What is a layaway?
Layaway is a way of breaking down payments over time when buying a product.
Layaway is often used for big-ticket items, such as electronics (e.g., computers and TVs), jewelry, appliances, and furniture.
How it works
A store will put the item on hold after the customer puts down a deposit. The customer can then pay off the remaining balance over time. This ensures the item will still be in stock by the time it is paid off.
Layaway Process (chart)
Find an item you want
Take it to Customer Service, the Layaway department, or the register in the applicable department. Some retailers offer layaway online.
Pay a deposit to hold the item. This may be an amount of your choosing, a flat dollar amount, or a percentage of the price of the item.
Choose your repayment term, which is usually 8–12 weeks.
Make small payments over time, weekly, biweekly, or monthly.
Once you pay off the full price of the item plus any additional layaway fees, you can pick up your item.
Important To Note
Layaway is not always the best option for buying a product. It is best suited for consumers who have limited disposable income and are unable to pay for expensive products up front. It is also useful for those who do not qualify for credit cards due to poor credit but who would still benefit from flexible repayment terms.
Since different stores charge different fees and have different repayment requirements, it is important to check the terms of any layaway program you consider using.
Layway - Benefits and Drawbacks
|Allows you to spread out large costs over time.||Stores often charge a service fee of $5–$15 for holding a layaway item.|
|Makes large purchases accessible to low-income populations.||Down payments can be 10%–20% of the cost.|
|May encourage better budgeting. You’ve already put some money down and have agreed to make periodic payments, so you have to be sure you can meet that obligation.||If you don’t make your payments on time or decide to cancel the hold, you may have to pay cancellation and/or restocking fees and forfeit the original service fee.|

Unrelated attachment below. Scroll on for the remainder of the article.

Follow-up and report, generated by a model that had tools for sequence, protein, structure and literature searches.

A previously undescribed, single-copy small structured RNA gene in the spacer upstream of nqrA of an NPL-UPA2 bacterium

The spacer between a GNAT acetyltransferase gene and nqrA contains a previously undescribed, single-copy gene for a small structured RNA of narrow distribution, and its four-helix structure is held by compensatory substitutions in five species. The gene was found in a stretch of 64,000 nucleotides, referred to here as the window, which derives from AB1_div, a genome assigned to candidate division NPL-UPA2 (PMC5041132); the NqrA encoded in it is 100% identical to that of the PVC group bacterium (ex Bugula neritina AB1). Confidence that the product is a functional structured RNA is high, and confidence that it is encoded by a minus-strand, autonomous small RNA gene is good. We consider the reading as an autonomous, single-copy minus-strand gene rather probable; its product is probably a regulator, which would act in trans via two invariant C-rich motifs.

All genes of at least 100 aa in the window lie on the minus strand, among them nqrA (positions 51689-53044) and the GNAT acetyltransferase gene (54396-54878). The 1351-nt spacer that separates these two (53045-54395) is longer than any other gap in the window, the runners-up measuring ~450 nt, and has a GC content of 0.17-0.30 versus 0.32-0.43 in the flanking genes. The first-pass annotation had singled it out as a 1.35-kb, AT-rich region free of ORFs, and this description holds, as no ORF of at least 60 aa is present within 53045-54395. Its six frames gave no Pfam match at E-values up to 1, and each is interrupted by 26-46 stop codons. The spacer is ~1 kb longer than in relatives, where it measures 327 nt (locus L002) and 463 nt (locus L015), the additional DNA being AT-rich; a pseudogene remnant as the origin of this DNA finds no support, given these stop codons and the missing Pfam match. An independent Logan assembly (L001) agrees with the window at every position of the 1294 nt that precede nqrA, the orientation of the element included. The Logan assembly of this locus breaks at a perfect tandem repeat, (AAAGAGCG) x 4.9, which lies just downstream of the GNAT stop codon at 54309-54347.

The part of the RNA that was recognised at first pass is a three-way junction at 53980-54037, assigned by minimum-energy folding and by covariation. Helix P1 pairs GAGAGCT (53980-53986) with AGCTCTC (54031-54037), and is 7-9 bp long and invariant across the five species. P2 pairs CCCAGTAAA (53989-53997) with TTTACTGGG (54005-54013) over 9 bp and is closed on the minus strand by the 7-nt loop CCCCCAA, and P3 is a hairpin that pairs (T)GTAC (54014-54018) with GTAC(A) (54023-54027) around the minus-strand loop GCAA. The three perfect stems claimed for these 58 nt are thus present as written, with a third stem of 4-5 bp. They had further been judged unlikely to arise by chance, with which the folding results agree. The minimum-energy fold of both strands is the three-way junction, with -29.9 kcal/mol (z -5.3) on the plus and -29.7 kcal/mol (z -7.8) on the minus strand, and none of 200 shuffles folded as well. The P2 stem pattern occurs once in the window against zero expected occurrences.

|Purchases don’t accrue interest as they would on a credit card.||Strict repayment terms; for example, you may have to physically drive to the retail location every week to make payments.|
|Ensures that an in-demand item is available if you can’t pay for it up front.||Not all items are eligible at all retailers; for example, you may be limited to electronics, jewelry, or appliances.|
|Easy to qualify. You just have to show ID confirming that you are over 18; no credit check required.||You may end up paying more for the item because you stop looking for sales once it’s on hold.|
Layaway vs. Credit cards
Layaway Pros and Cons
|No interest.||Additional fees and no return of fees if you change your mind.|
|No credit check.||Doesn’t build credit.|
|Accessible to those with poor credit or low income.||You may have to make payments in person at a store on a strict schedule.|
|May result in a lower total cost, even with fees, than a credit card purchase that accrues interest at a high rate.||If you miss a payment deadline, your layaway is considered cancelled (usually after a 7-day grace period). You will have to pay any cancellation or restocking fees, but the money you’ve paid for the item will be returned.|
|Doesn’t hurt your credit if you cancel or miss a payment.||Some retailers only offer layaway during peak seasons, such as Black Friday and Christmas.|
Credit Cards - Pros and Cons
|Helps build your credit score.||If you change your mind, you have to return the item (subject to store policy) and wait for the charge to be reversed.|
|Allows for flexible payment amounts and no down payment is necessary.||If you don’t pay your balance within the grace period, you will be charged interest.|
|Only requires monthly payments made from home at your convenience.||If you miss a payment deadline, you’ll be charged a late payment fee, which can be $30 or more. You will still have to finish paying for the item.|
|You can take the item home right away.||If you fail to pay your balance on time, your credit score may suffer.|
|Potential for earning reward points, cash back, or airline miles.||If you're not careful with your spending habits, you may take on more debt than you can repay|
Stores offering layaway
Some of the most popular retail chains offer layaway programs, with varying terms, conditions, and fees. This enables them to reach a lower income demographic that would struggle to shop there otherwise.
- Burlington Coat Factory
- Marshalls and TJ Maxx
- Layaway allows customers to pay for an expensive item over time, often with an initial deposit of $1 or less.
- It is useful for those with little disposable income but isn’t always the cheapest option due to fees.
- Layaway offers some of the same benefits as a credit card but doesn’t require a credit check. On the other hand, there are benefits to using a credit card that layaway doesn’t provide, such as the ability to earn rewards or build credit.
- Many popular stores offer layaway, particularly around the Christmas holidays, but each store has different terms.
- A “Secret Santa” paid off more than $46,000 in layaway at a Walmart in Pennsylvania in 2016, paying off the purchases of 194 strangers.
- Pay Away the Layaway is a nonprofit group that pays off layaway debts at different retail locations every year since its founding in 2011. In 2016, the group paid more than $100,000 toward lucky strangers’ purchases.